Speaking at Baking Tech 2014 in Chicago this week, which was hosted by the American Society of Baking, Theresa Cogswell, founder and president of BakerCogs Inc., said: “In case anyone in the room has had your head in the sand last few days, I’ll start out with the media punch we’ve taken in the last few weeks.”
She showed a series of clips highlighting the current wave of press—from national news media reports on Kraft pulling artificial preservatives from some Singles and artificial colors from certain macaroni and cheese products , and Subway phasing out azodicarbonamide (ADA) from its breads, to a promotional video of the Food Babe Vani Hari taking a bite out of her yoga mat to suggest Subway is feeding Americans the same chemical that’s used to make rubber products.
What links all this coverage together, Cogswell said, is that no one asked the follow-up questions that inevitably impact manufacturers and suppliers. “These are all credible sources in the media world, but none of them asked follow-up questions, like, ‘What are the downstream effects of taking this ingredient out?’ or ‘Could there be a food and an industrial source of ADA?’ So now we have a tsunami.”
But what does clean label actually mean to consumers?
“Based on my research, if it sounds like a chemical, it’s not clean. If it’s not something in their cupboard, it’s probably not clean label; if it’s something they don’t know or have never heard of, if they can’t spell or pronounce the ingredients, they shouldn’t eat it,” Cogswell said. Ultimately, though, it’s going to be defined by the what the customer—be it Walmart or Harris Teeter—and the consumer shopping those retailers will buy, she added.
For bakery manufacturers, the two areas most affected by the clean label push are preservatives (e.g. calcium propionate) and dough conditioners (e.g. mono- and diglycerides, potassium bromate, ADA and enzymes).
No such thing as a drop-in solution
Among the more common natural preservatives Cogswell cited are raisin juice concentrate; vinegar; citric acid; natamycin (which Kraft is now using instead of sorbic acid in its Singles); and cultured products (which consumers largely accept given the term’s association with yogurt), including wheat starch and wheat flour, whey and dry acid whey, corn syrup solids, dextrose and maltodextrin.
And yet, using examples ranging from Flowers Foods' Nature’s Own to Portland, OR-based Dave’s Killer Bread, Cogswell demonstrated how many manufacturers rely on more than one solution to compensate for a single artificial preservative (in the case of commercial bread, a combination of raisin juice, cultured wheat flour and vinegar).
This ironically results in far longer—albeit “cleaner sounding” ingredient labels, she noted. “Oh and by the way, you also have to figure out how to keep the product from molding,” she added with a laugh. “Bakers want a quick-fix, drop-in solution. Unfortunately, that may not be the best way to go about it.”
That’s why for many large manufacturers, it may be easier to launch a clean label line of products rather than reformulate an existing product.
“Looking at the corporate approach to clean label, does it make sense to make clean label Wonder Bread? Or any other brand that’s been around for a long time that might not have a clean label type of heritage? You don’t want to take a valued brand and valued product within that brand and lose quality, consistency or customer expectations. You really have to think about what kind of approach you want to take.”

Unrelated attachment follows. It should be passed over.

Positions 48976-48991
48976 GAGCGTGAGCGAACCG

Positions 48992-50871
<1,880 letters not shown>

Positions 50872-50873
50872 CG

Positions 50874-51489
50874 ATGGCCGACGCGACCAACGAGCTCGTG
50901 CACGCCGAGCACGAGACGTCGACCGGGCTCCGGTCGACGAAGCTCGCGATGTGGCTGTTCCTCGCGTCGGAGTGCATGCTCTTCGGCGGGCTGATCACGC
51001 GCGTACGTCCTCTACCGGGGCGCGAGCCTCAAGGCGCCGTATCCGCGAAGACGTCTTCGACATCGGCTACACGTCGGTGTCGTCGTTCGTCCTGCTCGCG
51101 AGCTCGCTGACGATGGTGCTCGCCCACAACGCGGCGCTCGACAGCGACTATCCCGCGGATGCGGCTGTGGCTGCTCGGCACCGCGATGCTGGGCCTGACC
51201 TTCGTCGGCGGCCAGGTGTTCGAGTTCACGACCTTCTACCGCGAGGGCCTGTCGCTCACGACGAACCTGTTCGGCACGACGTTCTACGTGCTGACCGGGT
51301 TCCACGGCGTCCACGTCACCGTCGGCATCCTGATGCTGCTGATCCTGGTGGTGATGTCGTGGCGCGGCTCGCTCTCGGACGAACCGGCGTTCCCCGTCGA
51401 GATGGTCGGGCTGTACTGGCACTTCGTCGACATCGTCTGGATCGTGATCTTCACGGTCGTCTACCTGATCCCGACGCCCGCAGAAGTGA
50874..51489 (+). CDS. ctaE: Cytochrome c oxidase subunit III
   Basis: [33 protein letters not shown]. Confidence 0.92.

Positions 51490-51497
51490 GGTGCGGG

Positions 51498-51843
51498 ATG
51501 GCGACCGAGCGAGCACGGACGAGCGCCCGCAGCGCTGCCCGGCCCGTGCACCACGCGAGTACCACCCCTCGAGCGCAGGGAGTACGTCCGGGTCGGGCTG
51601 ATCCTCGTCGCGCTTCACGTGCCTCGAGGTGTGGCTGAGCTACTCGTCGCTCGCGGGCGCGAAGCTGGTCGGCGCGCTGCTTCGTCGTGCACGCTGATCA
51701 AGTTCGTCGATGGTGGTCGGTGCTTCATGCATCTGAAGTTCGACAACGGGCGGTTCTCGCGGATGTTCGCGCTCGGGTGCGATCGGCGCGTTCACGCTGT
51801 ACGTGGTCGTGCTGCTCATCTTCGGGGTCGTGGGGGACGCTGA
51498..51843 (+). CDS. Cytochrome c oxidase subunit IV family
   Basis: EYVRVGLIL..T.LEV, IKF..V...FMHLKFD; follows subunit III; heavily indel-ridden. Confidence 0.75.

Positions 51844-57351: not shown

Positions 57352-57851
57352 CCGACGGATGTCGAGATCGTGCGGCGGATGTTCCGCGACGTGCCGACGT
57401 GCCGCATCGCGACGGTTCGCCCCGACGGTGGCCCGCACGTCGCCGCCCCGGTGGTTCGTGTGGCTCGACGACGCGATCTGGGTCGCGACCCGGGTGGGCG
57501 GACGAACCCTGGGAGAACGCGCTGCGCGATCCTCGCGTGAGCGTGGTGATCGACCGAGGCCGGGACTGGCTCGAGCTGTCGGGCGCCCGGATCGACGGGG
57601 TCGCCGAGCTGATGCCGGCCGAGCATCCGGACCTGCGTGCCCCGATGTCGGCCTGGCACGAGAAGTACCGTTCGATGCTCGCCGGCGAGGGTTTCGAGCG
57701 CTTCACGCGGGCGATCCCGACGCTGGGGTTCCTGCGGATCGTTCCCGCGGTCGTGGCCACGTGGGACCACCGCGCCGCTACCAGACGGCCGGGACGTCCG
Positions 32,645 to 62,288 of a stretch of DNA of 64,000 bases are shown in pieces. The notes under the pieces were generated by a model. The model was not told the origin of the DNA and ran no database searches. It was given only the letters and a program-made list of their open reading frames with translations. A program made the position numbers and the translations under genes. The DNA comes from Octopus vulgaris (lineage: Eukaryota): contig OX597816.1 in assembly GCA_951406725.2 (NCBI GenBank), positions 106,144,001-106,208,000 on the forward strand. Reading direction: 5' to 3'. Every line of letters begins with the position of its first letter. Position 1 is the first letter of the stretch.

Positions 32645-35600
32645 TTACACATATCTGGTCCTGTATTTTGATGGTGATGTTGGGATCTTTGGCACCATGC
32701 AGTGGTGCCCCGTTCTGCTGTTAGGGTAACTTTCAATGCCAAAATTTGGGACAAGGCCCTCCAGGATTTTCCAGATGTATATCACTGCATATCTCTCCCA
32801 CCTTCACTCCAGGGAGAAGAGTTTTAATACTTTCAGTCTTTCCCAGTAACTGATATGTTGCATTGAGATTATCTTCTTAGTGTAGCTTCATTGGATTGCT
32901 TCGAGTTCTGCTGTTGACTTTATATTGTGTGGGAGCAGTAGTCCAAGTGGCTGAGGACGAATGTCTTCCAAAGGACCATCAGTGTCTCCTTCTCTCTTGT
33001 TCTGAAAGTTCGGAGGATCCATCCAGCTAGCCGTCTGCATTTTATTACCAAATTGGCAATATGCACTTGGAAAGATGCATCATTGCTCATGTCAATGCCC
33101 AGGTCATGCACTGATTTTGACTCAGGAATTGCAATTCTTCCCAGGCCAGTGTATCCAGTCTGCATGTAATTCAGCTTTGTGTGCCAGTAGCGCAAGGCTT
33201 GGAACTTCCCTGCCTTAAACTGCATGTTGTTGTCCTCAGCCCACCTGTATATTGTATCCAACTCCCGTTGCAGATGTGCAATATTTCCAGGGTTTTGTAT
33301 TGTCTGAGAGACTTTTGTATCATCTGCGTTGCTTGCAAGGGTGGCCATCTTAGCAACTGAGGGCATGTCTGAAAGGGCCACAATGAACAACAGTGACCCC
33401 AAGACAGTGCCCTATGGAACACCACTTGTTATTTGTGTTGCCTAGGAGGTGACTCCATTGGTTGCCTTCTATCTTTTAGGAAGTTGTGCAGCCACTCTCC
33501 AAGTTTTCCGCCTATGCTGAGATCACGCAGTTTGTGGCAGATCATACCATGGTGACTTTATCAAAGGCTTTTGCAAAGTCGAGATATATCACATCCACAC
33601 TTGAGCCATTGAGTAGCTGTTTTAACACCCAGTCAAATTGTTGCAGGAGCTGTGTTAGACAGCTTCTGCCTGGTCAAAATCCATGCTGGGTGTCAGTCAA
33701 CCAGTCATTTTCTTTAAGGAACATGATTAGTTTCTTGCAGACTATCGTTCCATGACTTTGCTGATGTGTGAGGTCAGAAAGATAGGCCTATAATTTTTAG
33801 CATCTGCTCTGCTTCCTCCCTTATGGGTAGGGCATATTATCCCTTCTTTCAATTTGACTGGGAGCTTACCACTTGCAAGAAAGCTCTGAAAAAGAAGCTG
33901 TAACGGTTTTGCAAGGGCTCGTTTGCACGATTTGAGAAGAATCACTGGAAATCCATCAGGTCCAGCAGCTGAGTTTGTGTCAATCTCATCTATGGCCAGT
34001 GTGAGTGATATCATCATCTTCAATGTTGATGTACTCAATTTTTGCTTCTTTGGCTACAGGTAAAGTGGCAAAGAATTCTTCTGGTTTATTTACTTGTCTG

Don’t want to lose quality, consistency or customer expectations on a valued brand
For one, the management team has to weigh ingredient options and how that will affect price, often changing production cost expectations as a result. “The bowl cost is not going to be same, and as a result the price isn’t going to be the same. The bread aisle is incredibly competitive; we can always tell what caused a spike in bread sales—whether it was a snow storm or Buy One, Get One. If the cost goes up, you need to recoup and get the payback you need.”
From an operations standpoint, the new ingredient inventory also presents dough handling challenges. “If there’s no more ADA, they want to know what they can do? You have to work with operations to make dough handling characteristics are understood and that you have answers for concerns about flour quality, gluten and dough tolerance.”
For sales and marketing, the challenge is determining if the brand can support clean label demographically, and communicating effectively with customers.
“Is your clean label product skewed to a higher income, more educated bracket, since those are the ones who will pay a premium price? On the other end of the spectrum, those struggling to feed their families, I’m not sure clean label is in their realm of concern,” Cogswell said. “It’s important to work with marketing, understand your target audience and make sure you're focused on those customers that want clean label. Price doesn’t necessarily always drive sales. The loaf of bread I buy every day never goes on sale. I know that, but I’m willing to pay the price. Make sure the customer understands that.”
Clean label here to stay?
Based on experience with past trends, Cogswell thinks clean label likely isn't going anywhere.
“We’ve been through the Atkins Diet. Did it ever fully leave us? I’d say no. We’ve been through ‘carbs are evil’, too. Both of those trends continue to perpetuate,” she said. “Overall, I see a shift happening. The Food Babe got an enormous amount of publicity—an amount that we as an industry couldn’t have afforded to pay for. And we can’t pedal enough to keep ahead of those. Clean label may be in your future. It may take a different brand, it may take a different mindset, a different perspective on bowl cost and it may change the demographic you go for with your product line. But I think we’re trending that way.”